Located alongside Sherbrook Forest, the village of Sassafras is within comfortable driving distance of the scenic gems of the stunning Dandenong Ranges, the hilltop retreat on Melbourne’s eastern doorstep.For starters, the celebrated craft and antique shops of Olinda are just a few minutes by car, while the National Rhododendron Gardens are just a couple of kilometres up Falls Road. The gardens feature endless blooms of azaleas and rhododendrons set among native and exotic trees.
Mount Dandenong was originally to be named Mount Corhanwarrabul, but due to the problems that were foreseen with the spelling and pronunciation of this name, the Surveyor-General’s office opted to name it Mount Dandenong. Though today there is still a Mount Corhanwarrabul, which is on the site of Burkes Lookout.
The town of Mount Dandenong was settled in 1893, along with the neighbouring village Olinda which is only 800 metres away. By around 1900 the town had its own general store and primary school. In 1922 the first motorcars were seen in operation on Mount Dandenong. Today Mount Dandenong Village is home to a strip of boutique shops, a supermarket, and the Wild Oak, Indian by Nature, Fairy Mountain Chinese and Grinds and Vines Restaurants. Kelly’s Bar and Restaurant, the Pig and Whistle English Tavern and the Mount Dandenong Hotel are also located in this Village.
The premier tourist attraction in the area and now the second most popular tourist destination in Victoria, is the Mount Dandenong Observatory.At 633 metres above sea-level, it is the highest point in the surrounding ranges. At the peak is the Sky High Restaurant, a cafe, BBQ and picnic areas, attractive formal gardens, and with spectacular views of up to 200 kilometres across Melbourne’s eastern suburbs, the city and Port Phillip Bay. Views can also be enjoyed from Burke’s Lookout at Mount Corhanwarrabul, about one kilometre south of the Mount Dandenong peak.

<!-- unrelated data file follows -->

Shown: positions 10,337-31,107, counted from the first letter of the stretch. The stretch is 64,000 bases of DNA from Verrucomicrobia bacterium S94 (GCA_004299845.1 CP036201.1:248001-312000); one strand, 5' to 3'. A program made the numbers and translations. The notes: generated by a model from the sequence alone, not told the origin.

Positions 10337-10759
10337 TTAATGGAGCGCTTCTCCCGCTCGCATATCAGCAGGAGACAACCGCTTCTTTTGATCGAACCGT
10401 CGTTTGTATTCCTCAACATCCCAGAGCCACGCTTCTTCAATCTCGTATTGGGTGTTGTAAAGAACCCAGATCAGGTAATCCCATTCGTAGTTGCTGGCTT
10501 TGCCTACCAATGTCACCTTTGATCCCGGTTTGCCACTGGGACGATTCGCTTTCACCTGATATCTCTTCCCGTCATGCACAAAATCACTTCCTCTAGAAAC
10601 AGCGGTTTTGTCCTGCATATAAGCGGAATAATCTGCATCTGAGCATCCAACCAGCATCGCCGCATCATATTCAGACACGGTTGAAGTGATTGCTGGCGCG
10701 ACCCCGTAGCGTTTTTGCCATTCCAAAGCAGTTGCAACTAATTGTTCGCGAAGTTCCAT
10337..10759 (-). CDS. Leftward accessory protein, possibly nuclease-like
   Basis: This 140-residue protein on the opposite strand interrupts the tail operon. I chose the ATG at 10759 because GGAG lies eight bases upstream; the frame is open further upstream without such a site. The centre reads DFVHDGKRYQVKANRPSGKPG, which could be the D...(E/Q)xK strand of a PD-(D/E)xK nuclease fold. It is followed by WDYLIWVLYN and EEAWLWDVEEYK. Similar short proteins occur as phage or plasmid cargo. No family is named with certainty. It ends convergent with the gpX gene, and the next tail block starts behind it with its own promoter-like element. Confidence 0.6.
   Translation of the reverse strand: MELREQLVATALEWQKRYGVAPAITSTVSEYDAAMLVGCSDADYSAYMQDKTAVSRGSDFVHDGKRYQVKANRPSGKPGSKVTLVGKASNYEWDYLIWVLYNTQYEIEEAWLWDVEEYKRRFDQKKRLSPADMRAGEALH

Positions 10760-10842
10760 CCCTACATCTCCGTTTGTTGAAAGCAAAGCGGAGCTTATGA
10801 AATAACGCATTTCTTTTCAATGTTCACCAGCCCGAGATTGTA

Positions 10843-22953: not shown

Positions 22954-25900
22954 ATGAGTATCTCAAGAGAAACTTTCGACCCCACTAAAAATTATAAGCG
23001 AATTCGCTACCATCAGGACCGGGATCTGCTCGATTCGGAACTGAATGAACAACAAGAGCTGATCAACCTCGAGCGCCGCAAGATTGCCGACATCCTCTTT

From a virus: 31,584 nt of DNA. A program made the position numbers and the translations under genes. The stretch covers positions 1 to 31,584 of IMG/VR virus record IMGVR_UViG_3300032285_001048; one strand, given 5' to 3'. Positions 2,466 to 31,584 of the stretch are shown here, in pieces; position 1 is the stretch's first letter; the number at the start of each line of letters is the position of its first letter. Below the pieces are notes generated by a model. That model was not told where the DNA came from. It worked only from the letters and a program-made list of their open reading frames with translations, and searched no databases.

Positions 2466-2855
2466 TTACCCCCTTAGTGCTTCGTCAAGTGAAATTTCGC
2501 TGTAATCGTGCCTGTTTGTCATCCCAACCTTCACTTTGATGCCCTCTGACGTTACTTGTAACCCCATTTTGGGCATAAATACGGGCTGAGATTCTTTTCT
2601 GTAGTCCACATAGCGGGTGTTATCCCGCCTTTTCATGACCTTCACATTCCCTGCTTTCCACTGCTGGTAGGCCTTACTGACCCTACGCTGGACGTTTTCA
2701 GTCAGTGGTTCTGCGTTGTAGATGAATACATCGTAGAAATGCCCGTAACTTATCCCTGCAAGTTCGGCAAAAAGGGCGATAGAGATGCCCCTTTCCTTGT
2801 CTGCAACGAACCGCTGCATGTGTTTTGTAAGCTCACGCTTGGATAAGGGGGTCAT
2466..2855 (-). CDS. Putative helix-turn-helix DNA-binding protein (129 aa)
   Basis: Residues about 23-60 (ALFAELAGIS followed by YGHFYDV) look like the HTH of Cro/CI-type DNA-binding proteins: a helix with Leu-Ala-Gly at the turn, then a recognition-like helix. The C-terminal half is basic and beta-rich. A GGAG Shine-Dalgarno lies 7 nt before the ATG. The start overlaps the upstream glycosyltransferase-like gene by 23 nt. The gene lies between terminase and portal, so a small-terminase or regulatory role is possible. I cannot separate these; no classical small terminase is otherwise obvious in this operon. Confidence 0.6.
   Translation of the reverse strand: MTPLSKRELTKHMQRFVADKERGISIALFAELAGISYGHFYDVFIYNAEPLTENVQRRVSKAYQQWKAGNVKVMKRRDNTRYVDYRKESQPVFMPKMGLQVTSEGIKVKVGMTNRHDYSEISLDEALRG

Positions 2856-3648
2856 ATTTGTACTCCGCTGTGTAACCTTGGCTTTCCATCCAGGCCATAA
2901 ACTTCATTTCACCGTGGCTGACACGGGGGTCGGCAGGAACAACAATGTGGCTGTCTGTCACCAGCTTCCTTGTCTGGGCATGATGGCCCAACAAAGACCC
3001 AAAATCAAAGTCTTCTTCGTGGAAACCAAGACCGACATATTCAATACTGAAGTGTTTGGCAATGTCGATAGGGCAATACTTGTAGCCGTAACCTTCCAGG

Around 2002 it was proposed that the word “Melbourne” be erected in large letters at the peak of the mountain in the style of the Hollywood sign, visible from the city centre. However this was met with outrage from local residents and was not pursued.
Access to Kalorama Park, which extends from the lookout and down a steep hill to Olinda Creek Road, is via Barbers Road.
The park features a large rotunda, BBQ shelters, grassy picnic areas, colourful azaleas and rhododendrons, a variety of orchard trees scattered throughout the park, and several walking tracks.
The Karwarra Australian Plant Garden, across the road from the general store on the Mount Dandenong Tourist Road, includes two hectares of landscaped botanic gardens featuring native wildflowers, floral displays, picnic areas, bush walking tracks, and an abundance of birdlife.
Kallista is a small tourist village located 3 kilometres to the east of Belgrave. The heart of Kallista is located at the junction of the roads to Monbulk and Emerald and consists of a few speciality shops, cafes, and an attractive nursery.
The community house in Church Street is the venue of the monthly Kallista Community Arts and Crafts Market which offers food, plants, craft stalls and entertainment. The Kallista Tea Rooms, just north of the town centre, is a popular place to stop for refreshments while touring the area.